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Pro Cycle 250W Stator Upgrade

The Budget Adventure Tourer

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Review Summary
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Upgraded stator provides 50 more Watts of power for the DR650.

That’s 25% more juice than the wimpy 200 Watts pumped out by the DR650 stock alternator at its maximum of 5,000 RPM.

Does it make a difference?

Hard to tell, but if you’re living on the edge, 50 Watts is 50 Watts…

One of the disadvantages of a single-cylinder motorcycle like the Suzuki DR650 (blog) is the relatively weak alternator output.

The DR650’s alternator is rated at a wimpy 200 Watts at 5,000 RPM.

Since 5,000 RPM is rarely achieved in normal street/trail riding (although without a tachometer, who knows?), figure on less than 200 Watts most of the time.

So let’s do a bit of calculating. As mentioned in the Clearwater Krista LED lights (review), the DR650’s headlight uses 55 Watts on low beam and 60 Watts on high.

The brake/tail light draws 21 Watts and the pair of Krista lights use up to 72 Watts on full power. Figure another 5W for the license plate light and 6W for the instrument lights.

Add in the 35W or so to run the ignition and that puts us around 195 Watts.

To reduce current draw slightly, an “SMT Tower” LED 1147 replacement was installed (from the article More LED Brake Lights and Tail Lights).

We also have an HID low/high beam headlight kit for the DR650 ready to install; it draws just 35 Watts, compared to the stock halogen headlight at 55/60W. When you only have 200 Watts to play with, every Watt counts!

Also by way of comparison, the BMW R 1200 GS (report) has a massive 720W output (14Ah battery) and the BMW K 1600 GTL (report) alternator puts out 580W (19Ah battery).

Left Side of DR650 Engine
The stator is located on the left side of the Suzuki DR650 engine. The cover has 11 bolts of 8 mm size
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Installing the Pro Cycle High Output 250 Watt Stator

You could, in theory, rewind your own stator to pump up the volume. I’ve never tried it and it seems beyond my very meager electrical skill level.

If you’re interested, here’s a story on the GS Garage website describing the procedure.

The way I figured it, by time I bought the special copper wire and figured this out, without blowing the DR650’s electrical system sky high, I may as well fork over the cash and buy the new Pro Cycle 250W stator for the DR650.

Also, since this is in the interest of science for webBikeWorld readers, I figured what the heck, even though it’s not cheap at $219.95 (plus shipping).

That makes it somewhere around $4.40 per Watt!

Replacing the stator isn’t too difficult — at least now that we’ve gone through the procedure a couple of times (don’t ask).

Basically, all you have to do is remove the 11 bolts (8 mm) from the alternator cover on the left-hand side of the engine, pull the cover and you’re in.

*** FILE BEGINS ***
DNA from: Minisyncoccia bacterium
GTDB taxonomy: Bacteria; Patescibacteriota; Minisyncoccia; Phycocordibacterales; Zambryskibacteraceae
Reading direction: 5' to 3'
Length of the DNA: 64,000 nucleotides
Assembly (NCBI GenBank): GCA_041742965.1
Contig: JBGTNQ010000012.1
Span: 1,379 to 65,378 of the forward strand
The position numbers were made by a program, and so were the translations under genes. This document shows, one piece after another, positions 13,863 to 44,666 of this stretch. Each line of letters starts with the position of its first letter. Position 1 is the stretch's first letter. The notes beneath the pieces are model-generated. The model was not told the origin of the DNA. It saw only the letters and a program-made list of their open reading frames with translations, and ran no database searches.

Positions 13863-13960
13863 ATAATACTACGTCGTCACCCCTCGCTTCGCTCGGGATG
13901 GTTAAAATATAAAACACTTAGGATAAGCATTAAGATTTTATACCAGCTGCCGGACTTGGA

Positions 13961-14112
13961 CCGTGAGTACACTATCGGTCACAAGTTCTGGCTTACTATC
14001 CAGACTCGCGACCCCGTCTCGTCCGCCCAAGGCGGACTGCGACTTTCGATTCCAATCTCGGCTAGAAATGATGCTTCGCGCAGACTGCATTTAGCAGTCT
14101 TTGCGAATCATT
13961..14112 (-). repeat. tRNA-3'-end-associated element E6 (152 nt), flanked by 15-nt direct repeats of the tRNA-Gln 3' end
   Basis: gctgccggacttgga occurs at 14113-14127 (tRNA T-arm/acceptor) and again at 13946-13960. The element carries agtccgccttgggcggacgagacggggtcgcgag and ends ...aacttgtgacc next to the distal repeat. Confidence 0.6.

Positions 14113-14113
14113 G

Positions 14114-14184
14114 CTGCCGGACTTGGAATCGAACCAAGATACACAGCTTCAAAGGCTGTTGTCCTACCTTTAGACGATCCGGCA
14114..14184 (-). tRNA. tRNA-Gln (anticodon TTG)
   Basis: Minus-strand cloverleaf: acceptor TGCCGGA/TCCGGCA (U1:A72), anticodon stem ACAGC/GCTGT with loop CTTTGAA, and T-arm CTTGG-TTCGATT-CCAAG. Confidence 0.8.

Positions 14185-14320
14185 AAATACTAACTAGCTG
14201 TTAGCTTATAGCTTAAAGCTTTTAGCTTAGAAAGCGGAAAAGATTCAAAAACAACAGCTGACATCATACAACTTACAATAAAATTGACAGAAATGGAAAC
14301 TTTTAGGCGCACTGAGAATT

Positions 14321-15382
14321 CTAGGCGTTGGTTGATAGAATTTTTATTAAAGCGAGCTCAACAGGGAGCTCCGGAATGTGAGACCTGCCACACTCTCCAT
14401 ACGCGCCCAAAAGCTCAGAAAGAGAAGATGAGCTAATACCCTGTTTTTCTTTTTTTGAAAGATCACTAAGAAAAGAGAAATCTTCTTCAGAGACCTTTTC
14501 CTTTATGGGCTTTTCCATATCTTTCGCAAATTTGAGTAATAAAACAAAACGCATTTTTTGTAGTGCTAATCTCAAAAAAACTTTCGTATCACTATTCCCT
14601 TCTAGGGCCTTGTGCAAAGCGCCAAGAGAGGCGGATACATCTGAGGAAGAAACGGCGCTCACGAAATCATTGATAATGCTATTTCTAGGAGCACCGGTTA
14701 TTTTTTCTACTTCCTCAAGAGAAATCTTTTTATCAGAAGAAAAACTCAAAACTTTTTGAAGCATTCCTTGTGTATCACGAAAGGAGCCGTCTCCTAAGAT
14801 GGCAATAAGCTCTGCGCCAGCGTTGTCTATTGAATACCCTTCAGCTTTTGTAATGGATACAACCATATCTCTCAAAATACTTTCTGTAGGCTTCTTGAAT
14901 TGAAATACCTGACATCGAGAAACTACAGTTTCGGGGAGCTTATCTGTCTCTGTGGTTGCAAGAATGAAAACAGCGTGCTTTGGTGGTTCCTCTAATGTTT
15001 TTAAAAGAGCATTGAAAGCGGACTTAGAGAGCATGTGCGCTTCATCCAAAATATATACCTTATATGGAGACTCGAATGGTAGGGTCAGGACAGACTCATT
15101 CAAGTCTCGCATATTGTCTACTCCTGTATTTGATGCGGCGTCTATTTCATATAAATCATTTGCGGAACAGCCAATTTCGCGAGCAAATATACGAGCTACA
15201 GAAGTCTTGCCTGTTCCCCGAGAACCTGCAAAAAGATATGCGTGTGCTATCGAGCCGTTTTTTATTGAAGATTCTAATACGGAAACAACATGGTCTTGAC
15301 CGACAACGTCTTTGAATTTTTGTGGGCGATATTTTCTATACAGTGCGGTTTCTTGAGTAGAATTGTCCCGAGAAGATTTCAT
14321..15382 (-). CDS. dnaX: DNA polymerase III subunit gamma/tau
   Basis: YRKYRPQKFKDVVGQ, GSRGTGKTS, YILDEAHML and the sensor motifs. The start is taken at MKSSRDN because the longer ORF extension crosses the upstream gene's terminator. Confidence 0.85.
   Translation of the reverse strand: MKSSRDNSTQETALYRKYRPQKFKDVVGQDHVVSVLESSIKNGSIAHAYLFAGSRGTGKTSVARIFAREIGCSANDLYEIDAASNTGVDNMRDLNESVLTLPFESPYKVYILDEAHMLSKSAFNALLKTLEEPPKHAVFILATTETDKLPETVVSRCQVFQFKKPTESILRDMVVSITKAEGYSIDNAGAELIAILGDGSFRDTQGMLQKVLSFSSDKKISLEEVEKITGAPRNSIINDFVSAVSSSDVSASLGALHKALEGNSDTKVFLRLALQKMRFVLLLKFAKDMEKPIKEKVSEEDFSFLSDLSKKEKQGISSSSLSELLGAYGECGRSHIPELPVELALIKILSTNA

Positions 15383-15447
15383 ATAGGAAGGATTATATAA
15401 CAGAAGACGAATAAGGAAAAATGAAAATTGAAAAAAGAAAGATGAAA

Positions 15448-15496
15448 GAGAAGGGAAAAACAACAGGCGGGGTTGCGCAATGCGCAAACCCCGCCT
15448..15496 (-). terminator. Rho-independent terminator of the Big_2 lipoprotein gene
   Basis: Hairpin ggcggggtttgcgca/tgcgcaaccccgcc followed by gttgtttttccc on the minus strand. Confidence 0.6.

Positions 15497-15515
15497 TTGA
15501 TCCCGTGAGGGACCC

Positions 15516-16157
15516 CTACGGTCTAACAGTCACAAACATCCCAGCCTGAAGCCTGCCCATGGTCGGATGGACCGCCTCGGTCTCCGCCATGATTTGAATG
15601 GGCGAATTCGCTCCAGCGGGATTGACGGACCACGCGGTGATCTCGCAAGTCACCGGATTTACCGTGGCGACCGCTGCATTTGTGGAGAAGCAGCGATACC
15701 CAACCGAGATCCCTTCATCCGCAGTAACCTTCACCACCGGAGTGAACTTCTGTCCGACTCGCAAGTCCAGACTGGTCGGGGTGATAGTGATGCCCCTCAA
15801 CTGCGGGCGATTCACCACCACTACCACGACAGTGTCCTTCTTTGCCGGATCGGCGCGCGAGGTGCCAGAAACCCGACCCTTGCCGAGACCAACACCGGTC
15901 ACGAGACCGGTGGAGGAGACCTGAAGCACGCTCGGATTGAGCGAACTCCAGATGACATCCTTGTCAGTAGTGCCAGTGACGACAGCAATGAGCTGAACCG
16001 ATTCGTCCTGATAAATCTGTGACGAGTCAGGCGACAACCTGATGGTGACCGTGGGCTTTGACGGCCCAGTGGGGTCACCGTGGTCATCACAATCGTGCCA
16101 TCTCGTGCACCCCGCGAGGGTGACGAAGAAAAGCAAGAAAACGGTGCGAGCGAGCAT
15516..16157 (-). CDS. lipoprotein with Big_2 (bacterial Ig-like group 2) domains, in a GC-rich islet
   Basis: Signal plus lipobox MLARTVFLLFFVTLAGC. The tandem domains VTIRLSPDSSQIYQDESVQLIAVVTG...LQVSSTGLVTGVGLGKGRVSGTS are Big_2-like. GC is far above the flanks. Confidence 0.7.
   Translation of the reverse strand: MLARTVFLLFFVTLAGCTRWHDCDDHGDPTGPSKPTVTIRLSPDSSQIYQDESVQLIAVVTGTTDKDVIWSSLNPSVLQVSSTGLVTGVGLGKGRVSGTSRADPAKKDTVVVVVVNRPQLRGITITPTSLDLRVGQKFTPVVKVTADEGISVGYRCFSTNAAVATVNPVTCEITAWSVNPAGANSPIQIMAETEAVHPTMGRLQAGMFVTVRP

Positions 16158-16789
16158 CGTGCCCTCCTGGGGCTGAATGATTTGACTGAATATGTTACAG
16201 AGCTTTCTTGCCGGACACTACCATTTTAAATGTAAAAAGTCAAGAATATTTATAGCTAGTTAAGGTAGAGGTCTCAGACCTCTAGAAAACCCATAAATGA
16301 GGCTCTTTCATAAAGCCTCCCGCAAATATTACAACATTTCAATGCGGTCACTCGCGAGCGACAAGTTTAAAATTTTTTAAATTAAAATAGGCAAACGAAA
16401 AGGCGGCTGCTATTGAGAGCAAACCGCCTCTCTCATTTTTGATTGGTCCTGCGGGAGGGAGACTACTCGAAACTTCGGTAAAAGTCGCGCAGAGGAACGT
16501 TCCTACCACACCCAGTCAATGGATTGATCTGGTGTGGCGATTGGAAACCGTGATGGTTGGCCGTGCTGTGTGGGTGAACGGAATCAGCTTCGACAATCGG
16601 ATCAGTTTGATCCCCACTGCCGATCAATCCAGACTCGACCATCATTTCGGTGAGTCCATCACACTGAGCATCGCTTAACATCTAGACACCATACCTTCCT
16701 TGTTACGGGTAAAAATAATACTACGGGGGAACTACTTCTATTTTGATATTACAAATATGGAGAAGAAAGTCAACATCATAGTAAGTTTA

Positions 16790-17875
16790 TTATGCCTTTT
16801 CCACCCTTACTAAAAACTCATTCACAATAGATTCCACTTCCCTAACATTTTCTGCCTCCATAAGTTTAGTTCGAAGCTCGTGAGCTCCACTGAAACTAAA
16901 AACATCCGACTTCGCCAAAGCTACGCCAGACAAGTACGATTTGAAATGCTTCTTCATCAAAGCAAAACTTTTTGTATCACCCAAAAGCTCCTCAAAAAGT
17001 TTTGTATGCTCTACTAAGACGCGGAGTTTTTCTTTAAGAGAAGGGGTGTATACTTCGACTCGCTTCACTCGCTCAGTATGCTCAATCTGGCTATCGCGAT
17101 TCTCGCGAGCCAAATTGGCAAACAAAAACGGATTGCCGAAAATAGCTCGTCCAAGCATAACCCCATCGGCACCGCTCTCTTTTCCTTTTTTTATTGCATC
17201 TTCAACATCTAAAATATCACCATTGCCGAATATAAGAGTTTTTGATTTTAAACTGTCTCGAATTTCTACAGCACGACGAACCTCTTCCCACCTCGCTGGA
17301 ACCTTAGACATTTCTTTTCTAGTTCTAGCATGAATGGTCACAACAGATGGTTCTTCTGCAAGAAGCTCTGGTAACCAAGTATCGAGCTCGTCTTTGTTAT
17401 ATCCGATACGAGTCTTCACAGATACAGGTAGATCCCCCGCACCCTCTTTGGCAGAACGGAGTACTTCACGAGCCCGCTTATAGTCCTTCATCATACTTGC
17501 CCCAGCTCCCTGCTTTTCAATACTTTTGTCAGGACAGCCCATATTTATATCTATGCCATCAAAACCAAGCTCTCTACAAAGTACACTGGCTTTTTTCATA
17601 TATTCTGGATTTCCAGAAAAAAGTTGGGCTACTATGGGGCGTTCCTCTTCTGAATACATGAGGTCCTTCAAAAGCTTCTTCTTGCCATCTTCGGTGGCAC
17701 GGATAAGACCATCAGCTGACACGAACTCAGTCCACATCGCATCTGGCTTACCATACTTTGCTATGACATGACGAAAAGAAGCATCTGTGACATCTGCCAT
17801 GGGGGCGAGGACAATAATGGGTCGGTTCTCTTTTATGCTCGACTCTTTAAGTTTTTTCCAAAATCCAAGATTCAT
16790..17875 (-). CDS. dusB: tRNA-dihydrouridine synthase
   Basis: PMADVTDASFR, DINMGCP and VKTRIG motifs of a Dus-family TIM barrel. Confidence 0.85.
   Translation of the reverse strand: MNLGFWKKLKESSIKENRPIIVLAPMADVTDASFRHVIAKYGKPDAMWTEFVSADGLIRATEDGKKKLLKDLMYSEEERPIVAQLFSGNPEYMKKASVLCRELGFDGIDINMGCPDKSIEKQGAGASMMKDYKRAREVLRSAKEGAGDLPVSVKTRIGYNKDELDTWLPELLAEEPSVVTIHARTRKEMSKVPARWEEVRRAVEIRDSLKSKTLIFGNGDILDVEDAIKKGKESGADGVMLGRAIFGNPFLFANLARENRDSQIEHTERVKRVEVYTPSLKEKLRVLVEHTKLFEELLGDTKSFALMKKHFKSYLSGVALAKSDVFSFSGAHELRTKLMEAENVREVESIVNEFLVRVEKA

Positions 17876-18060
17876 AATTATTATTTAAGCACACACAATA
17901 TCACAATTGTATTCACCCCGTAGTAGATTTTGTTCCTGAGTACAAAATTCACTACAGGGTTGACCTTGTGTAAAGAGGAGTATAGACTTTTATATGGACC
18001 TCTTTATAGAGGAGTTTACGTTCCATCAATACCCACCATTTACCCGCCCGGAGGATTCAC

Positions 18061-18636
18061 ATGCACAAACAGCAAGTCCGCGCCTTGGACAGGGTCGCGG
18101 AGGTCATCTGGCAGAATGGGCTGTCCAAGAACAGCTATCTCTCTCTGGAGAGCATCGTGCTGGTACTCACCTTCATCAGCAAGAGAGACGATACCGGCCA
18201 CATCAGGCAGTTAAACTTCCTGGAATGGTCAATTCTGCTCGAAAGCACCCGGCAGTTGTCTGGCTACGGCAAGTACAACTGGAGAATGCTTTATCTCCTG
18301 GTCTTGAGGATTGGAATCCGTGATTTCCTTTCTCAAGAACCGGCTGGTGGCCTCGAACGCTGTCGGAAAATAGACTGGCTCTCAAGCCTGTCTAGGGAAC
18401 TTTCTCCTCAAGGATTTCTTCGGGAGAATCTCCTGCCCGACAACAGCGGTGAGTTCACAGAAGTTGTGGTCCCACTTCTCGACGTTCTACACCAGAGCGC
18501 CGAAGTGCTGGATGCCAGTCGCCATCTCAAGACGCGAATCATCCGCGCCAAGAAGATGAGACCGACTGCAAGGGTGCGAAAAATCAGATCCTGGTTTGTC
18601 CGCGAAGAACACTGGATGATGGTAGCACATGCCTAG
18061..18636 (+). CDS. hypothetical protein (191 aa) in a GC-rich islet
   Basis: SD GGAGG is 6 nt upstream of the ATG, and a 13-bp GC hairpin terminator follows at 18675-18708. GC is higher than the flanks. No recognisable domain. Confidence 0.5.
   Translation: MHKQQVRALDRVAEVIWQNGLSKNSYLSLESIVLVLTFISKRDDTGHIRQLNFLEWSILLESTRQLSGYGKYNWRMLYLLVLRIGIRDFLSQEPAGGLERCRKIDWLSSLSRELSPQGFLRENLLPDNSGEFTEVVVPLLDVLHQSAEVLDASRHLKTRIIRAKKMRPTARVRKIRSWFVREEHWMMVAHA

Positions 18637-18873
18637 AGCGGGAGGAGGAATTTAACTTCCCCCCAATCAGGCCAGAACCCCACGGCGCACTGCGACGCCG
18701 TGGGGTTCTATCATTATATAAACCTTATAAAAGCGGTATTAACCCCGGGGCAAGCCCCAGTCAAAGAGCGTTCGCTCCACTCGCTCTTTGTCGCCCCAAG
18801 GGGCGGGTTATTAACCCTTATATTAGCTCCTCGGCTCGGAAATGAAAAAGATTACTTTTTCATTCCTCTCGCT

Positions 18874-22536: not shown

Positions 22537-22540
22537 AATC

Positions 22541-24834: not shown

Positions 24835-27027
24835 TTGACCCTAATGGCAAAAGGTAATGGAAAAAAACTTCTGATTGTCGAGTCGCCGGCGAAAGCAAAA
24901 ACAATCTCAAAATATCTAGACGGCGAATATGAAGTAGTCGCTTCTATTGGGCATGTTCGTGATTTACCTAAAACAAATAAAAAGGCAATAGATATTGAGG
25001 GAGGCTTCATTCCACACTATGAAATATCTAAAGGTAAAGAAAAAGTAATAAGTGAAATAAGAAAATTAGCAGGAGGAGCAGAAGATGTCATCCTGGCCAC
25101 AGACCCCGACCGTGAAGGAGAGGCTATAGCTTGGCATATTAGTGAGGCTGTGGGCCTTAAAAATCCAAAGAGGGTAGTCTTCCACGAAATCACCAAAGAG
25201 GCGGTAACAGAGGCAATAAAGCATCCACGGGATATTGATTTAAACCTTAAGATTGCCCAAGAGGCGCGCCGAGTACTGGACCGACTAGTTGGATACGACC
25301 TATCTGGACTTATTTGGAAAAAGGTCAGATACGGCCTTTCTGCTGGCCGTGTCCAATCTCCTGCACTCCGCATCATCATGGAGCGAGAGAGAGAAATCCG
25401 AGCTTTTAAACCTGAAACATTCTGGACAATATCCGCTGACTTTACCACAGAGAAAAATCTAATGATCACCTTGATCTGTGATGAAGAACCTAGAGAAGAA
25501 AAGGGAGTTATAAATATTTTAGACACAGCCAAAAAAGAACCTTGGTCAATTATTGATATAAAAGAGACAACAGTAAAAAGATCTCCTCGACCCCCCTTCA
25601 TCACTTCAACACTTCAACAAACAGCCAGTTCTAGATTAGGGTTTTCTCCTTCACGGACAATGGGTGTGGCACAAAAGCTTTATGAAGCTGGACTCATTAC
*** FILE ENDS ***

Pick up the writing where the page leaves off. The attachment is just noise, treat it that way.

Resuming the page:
Before you do that though, it’s probably a good idea to drain the oil from the bike.

The stator on the DR650 runs in an oil bath, which seemed strange to me — an electrical system that runs in oil? I guess so…

You might be able to tilt the bike enough to minimize the amount of oil that drips out when the alternator cover is removed, but it holds about 3/4 of a quart, which is quite a bit.

And don’t forget — you’ll need a new alternator cover gasket, which can be ordered either through Pro Cycle or your local Suzuki dealer ($15.99, part number 11483-32E00 for the 2006 DR650).

You’ll also need to disconnect the wire harness from the original stator before you start, which clips in two places upstream at the voltage regulator and to an electrical harness under the seat.

One wire has a three-prong connector from the stator which mates with an intermediate connector that continues onto the voltage regulator/rectifier.

The longer lead that comes from the TDC (Top Dead Center) pickup, winds back along the left side of the frame before mating up a control unit under the seat.

And you disconnected the battery cables, right?

First, drain the oil (I’ll describe that in more detail in an upcoming article, along with a review of the Scott stainless steel filter, a magnetic filter ring and a magnetic drain plug).

Next, remove the 11 bolts holding the stator cover and carefully remove it.

Be careful, because the starter gear floats on a shaft inside and it can slide right off.

Also, you’ll need a drip pan underneath and some newspapers on the ground to collect any oil drips.

The stock stator is held on to the cover by three Allen head bolts, but before you remove the old stator, look carefully to see how the wires are located as they come out the back of the stator cover.

You also have to remove the two screws that hold the TDC pickup for the ignition.

Be sure to take note of the position of the wiring as it passes below the TDC mounting bracket and don’t pinch any wiring because it’s kind of tight in there.

You’ll have to carefully remove the old gasket and clean up any bits that are stuck to the case (Goo Gone works great for this).